I've been researching how to properly place and setup subwoofers, and I came across the following article: Stereo Subwoofers: Why Every Man Needs Two
I'll quote the relevant parts of that article below, but I'm interested in finding out what TV shows and movies have directional bass. I thought I'd check the lists of bass in movies--lists that exist on AVSforum--and I just finished reading about how to read waterfall charts--but I now realize that it would be hard for people to measure the bass content of movies and TV shows from each speaker in their setup, instead of or in addition to measuring it from their main seating position, because if you wanted to measure a movie that has a 7.1 soundtrack, ideally you'd do it on a 7.1 setup, and you'd have to play the movie 8 times, measuring the bass sound one channel at a time, and then optionally measure it with all channels active. So, I'm not expecting to see any charts that have charted each channel individually.
Nevertheless, I am still interested in finding out whatever information I can about directional bass in TV shows and in movies. Here are some things that the article that I linked to says:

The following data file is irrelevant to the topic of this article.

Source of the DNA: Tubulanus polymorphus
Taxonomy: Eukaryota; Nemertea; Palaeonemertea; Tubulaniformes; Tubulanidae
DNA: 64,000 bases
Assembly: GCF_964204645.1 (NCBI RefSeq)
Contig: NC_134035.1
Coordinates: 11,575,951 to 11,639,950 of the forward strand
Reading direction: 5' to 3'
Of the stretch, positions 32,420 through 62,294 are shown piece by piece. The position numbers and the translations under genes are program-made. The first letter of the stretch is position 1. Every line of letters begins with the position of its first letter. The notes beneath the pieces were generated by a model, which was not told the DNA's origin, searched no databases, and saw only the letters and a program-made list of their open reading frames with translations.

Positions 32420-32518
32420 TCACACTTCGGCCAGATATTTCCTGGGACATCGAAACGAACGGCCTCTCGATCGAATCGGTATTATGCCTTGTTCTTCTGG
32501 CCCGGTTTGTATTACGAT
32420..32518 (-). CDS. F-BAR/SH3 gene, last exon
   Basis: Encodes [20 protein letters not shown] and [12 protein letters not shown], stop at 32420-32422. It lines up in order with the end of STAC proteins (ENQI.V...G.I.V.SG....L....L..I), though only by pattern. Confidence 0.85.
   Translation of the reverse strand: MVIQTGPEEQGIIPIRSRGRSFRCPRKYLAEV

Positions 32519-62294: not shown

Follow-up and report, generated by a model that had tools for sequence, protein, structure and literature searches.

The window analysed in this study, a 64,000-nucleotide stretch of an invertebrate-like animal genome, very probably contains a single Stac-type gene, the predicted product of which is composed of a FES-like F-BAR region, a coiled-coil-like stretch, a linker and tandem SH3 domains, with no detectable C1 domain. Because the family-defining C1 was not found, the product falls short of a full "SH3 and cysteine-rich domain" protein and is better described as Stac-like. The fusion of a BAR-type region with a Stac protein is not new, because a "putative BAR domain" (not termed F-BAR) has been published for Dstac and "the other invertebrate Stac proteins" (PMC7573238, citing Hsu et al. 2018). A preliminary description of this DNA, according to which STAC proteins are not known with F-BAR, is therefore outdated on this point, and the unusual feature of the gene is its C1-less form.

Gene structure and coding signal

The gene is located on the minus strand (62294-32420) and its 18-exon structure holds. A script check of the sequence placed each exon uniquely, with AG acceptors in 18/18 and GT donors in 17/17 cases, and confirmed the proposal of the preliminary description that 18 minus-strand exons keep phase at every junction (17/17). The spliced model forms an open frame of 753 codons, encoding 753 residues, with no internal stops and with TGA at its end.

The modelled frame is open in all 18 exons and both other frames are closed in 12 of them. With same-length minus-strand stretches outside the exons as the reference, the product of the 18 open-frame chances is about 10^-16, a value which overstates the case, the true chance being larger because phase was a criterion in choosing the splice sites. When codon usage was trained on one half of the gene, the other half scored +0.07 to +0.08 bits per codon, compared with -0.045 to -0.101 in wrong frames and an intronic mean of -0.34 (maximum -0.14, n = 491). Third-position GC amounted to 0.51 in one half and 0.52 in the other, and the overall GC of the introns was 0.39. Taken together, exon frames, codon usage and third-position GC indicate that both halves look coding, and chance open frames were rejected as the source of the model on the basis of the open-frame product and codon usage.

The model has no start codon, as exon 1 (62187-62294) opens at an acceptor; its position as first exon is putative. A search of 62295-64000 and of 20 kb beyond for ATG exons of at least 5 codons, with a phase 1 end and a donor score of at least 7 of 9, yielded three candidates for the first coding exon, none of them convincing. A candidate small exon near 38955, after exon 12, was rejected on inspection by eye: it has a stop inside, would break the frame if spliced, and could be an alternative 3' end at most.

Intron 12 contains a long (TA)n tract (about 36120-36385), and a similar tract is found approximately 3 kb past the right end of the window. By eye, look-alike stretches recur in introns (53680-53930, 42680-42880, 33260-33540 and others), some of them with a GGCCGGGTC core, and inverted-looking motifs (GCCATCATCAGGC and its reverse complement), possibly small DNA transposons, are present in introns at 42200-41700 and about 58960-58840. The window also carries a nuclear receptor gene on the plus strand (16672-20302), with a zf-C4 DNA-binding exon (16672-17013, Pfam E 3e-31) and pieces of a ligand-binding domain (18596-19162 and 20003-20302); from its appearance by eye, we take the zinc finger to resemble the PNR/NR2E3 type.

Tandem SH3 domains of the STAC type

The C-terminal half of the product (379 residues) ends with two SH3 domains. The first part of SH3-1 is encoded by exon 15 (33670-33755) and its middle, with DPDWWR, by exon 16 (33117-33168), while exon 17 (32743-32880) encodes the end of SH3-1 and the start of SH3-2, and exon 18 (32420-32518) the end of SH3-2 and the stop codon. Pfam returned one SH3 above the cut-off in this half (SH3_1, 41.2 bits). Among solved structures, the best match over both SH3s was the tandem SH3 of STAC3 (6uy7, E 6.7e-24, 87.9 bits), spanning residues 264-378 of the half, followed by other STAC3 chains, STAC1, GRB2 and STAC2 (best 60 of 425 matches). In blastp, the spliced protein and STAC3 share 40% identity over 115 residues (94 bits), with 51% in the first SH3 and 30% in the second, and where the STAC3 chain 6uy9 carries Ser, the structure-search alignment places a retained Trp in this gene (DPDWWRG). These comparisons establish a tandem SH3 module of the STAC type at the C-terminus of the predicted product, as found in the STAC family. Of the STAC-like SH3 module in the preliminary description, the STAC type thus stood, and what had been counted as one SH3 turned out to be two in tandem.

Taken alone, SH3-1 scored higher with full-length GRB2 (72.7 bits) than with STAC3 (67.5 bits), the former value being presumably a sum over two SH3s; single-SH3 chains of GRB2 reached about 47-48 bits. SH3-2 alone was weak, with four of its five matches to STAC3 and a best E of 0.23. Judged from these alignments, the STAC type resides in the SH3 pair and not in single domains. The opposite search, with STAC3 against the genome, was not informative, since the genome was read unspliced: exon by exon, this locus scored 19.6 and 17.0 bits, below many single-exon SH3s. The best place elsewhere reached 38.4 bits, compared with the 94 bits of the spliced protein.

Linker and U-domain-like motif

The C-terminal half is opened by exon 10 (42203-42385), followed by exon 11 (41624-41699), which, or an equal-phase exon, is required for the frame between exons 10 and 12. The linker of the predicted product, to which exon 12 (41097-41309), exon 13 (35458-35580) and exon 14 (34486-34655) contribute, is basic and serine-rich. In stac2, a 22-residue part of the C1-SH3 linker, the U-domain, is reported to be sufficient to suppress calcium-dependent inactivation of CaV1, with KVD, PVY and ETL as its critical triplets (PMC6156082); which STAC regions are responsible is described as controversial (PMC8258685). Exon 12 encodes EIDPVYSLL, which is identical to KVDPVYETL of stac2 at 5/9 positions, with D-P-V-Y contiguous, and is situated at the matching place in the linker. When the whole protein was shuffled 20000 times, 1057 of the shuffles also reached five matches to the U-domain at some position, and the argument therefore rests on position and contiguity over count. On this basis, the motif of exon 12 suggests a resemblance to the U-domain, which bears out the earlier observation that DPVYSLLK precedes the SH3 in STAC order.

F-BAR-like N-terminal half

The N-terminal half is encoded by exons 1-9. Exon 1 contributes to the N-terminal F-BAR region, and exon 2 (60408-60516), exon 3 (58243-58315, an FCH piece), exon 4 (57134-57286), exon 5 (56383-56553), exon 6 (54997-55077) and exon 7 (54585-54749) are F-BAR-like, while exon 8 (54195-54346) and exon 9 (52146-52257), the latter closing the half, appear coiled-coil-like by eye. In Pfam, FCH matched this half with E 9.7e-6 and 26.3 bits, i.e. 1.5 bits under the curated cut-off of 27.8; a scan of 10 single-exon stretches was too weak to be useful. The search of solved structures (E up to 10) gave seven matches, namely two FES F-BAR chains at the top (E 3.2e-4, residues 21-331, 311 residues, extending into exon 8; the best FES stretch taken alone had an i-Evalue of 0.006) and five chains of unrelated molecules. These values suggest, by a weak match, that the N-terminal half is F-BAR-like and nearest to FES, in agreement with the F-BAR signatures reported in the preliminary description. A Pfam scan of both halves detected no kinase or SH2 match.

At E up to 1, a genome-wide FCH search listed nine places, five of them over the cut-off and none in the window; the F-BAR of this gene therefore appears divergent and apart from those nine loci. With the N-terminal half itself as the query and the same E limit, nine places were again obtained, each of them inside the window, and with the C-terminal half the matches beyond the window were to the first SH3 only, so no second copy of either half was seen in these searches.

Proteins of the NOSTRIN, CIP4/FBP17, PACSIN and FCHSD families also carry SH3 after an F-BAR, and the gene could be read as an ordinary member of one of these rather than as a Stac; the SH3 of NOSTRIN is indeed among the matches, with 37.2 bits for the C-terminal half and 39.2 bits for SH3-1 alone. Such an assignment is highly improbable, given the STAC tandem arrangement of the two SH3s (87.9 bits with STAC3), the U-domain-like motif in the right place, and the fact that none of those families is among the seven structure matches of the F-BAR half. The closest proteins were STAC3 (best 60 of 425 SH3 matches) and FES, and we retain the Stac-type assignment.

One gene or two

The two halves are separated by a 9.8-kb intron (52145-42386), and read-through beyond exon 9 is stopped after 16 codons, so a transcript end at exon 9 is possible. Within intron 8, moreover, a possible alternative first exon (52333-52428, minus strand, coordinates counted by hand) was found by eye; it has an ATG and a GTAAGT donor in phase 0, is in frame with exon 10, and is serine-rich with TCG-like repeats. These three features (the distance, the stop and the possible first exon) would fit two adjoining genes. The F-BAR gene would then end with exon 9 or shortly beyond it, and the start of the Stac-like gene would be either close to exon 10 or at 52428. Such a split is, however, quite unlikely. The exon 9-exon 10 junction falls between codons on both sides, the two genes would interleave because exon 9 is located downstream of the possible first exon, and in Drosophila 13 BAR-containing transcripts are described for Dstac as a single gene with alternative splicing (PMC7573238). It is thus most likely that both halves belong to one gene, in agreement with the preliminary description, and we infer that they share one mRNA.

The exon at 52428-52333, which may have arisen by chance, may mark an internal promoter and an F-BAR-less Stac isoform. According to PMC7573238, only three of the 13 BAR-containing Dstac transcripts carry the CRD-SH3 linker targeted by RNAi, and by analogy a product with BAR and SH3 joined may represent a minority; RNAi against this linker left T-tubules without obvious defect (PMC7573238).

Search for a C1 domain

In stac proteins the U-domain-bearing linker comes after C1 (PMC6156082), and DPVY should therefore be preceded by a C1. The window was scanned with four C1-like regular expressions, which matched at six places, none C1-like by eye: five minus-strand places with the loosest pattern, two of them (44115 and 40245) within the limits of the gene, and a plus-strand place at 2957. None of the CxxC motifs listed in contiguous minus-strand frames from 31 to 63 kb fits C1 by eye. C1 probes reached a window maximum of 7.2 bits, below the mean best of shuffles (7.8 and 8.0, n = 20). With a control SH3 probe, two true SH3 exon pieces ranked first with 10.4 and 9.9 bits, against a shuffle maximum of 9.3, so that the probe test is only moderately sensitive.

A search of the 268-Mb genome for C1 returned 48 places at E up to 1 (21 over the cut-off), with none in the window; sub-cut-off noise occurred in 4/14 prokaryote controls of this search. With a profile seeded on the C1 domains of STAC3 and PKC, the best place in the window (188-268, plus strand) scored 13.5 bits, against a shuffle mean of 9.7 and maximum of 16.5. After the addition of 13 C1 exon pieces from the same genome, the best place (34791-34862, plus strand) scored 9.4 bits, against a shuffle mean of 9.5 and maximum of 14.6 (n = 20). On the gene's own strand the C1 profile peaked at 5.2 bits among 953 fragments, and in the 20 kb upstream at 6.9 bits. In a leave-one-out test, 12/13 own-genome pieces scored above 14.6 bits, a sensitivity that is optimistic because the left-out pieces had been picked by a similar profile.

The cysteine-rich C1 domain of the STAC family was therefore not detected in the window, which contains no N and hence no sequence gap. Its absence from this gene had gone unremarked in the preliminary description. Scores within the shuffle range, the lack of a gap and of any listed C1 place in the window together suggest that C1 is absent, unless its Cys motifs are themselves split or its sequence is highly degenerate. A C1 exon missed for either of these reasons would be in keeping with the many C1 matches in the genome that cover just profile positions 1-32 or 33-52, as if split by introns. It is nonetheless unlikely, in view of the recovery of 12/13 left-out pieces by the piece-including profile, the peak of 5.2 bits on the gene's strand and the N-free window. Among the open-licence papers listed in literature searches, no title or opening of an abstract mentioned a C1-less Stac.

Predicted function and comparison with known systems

"The 5.1 system adds one subwoofer purely for very loud "booms" as a special effect for telling stories as a part of a motion picture. Each of the other five channels also has low bass, and movies today have a lot of multichannel bass information if your system can reproduce it. [...] While 5.1 SACDs may have 5.1 channels, all of those five main channels are full-range, and each deserves a big speaker — or use five + one = six subwoofers! That's how it's monitored in Hollywood. [...] Bass has been released in stereo ever since 1982 on CDs, DVD-As, SACDs, and even in 5.1 movies, and we can hear the difference. [...] Even if we can't hear the direction of the lowest 32 Hz fundamentals themselves, we very much can hear the difference in phase between the two channels, and in stereo recordings, out-of-phase bass information would be summed to zero in a single subwoofer. With stereo subwoofers, any out-of-phase bass information in a true stereo (acoustic) recording is reproduced properly at full level, adding immensely to the perceived width and depth of the room in which the recording was made.
If you sum the bass to mono and try to squeeze it through just one subwoofer, all the out-of-phase information cancels, and reduces the level."
If we're going to have discussion about the topic of directionality of bass in movies, perhaps we should have that discussion in a separate thread in order to keep this
thread on-topic, and we'll expand it to include discussion of TV shows and other forms of recorded video content as well.
Edited to add: The article that I linked to is a bit sexist; sorry about that.
TV: LG 47LW5700, AVR: Onkyo TX-NR787, speakers: DCM KX speakers:
DCM KX-12 Series 2 (as front left and front right), DCM KX Center Series 2, DCM KX-6 Series 2 (as side surround left and right), sources: Xbox One S, Playstation 2 (fat model), Nintendo GameCube (model with digital AV output) with GameBoy Player, Panasonic VCR (PV-4661), PC: Microsoft Surface Pro (5th generation), phone: iPhone 7 Plus